GOAT scooters are placed outside of the DoubleTree by Hilton hotel in Downtown Evansville, Ind., Thursday afternoon, Oct. 17, 2019.  (Photo: MaCabe Brown / Courier & Press)
GOAT scooters are placed outside of the DoubleTree by Hilton hotel in Downtown Evansville, Ind., Thursday afternoon, Oct. 17, 2019. (Photo: MaCabe Brown / Courier & Press)
EVANSVILLE. — Electric scooters, which can be rented with a smartphone app, have started to appear in Evansville.

An app called GOAT shows six Evansville spots where the scooters are available. A local entrepreneur is starting the business here and bought 24 scooters in all, said Ellen Horan, director of Growth Alliance for Greater Evansville.

Most are Downtown, and a few are on West Franklin Street.

State legislation dictates that local governments may regulate electric scooters but may not prohibit them.

Evansville currently has no ordinance regulating scooters' use. Such an ordinance will likely appear on the Evansville City Council's agenda by the end of this year, Horan said.

It will explain licensing fees, insurance requirements and other rules, such as where scooters are allowed and where they are not.

The local entrepreneur, whom Horan declined to identify, knows an ordinance is being drafted. Horan said a second person also is interested in bringing scooters here via different company.

Anyone with a scooter operation in the city would have to immediately follow an ordinance's terms upon passage.

"These are local people who are looking at what our local residents want, and who want to work with the city, making sure safety is a priority and they don't become a nuisance," Horan said.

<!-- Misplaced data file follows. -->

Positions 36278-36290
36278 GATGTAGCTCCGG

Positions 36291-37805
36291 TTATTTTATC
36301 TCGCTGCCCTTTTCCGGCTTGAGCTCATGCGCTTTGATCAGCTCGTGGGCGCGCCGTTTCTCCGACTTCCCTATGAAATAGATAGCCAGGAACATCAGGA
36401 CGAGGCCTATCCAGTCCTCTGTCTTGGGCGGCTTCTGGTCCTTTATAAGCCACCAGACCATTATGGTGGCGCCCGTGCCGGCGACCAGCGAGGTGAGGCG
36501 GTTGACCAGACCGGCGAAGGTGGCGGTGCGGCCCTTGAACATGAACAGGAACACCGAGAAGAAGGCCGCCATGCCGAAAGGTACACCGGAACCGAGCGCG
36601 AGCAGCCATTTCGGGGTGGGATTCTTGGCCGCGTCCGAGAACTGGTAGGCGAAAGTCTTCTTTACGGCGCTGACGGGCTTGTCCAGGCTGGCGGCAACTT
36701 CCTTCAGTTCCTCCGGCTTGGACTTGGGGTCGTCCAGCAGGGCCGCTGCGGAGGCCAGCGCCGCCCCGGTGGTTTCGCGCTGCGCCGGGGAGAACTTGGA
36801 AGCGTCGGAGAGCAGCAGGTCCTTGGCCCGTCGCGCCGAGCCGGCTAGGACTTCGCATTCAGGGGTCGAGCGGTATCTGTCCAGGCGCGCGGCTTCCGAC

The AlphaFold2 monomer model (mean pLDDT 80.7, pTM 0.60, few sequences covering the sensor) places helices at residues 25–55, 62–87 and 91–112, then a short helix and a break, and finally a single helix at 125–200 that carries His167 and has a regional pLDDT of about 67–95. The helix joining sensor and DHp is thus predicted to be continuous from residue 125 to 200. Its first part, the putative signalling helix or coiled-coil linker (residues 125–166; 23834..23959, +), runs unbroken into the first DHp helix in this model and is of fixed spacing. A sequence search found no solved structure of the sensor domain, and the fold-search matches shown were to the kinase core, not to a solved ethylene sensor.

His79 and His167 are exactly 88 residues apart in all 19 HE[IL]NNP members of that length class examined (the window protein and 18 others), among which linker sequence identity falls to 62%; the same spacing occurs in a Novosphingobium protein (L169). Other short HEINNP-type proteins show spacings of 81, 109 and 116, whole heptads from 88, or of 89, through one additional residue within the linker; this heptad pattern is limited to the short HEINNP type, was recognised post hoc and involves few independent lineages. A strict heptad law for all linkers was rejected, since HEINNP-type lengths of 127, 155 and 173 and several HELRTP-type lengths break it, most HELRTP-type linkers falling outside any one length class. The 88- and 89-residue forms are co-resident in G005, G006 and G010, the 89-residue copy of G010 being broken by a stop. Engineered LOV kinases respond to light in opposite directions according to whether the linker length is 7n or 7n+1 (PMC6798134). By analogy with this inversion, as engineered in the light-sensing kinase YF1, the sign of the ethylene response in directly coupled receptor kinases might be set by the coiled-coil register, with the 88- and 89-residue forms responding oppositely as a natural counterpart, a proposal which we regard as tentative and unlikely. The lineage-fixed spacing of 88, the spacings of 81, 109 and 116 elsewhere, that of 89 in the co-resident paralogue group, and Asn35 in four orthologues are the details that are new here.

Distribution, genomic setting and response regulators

In a few other cities, electric scooters are a nuisance in the eyes of some, although they also have become trendy for both travel and recreational use.

Scooter use has proliferated in cities such as Indianapolis and Bloomington, and city officials have fought to keep up.

"We're seeing what happened in Bloomington and Indy, who dealt with it on the back end," Horan said. "Too many players came into the market at the same time, and there were more scooters than there was a need."

Evansville officials are drafting a scooter ordinance by using benchmark data from other cities.

Horan said ordinances typically have a hefty upfront licensing fee for scooter business operators, as well as insurance requirements and a requirement that cities be "held harmless."

More: After more than 20 injuries in September, scooter rule enforcement begins in Indianapolis

Some ordinances also require monthly reports on rentals, to make sure demand is in line with availability.

"We've been working on an ordinance for a couple of months, just wanting to make sure we're doing it right," Horan said. "I think the city is on top of it, they want to be careful and not just slap something together."

Horan said the local operator is "kind of testing different areas" to see where interest in scooters might be. The operator has spoken to hoteliers and to Ivy Tech, for example.

"Some want them and some don't," Horan said. "But I think she's trying to approach it respectfully on how to introduce it to Evansville, whether it's a fun, cool thing to do or if some are using it for transportation."

Evansville Police Department Sgt. Jason Cullum said electric scooter riders must use the same rules of the road that a bicyclist does, and he advised riders to "be aware of your own safety and those around you."

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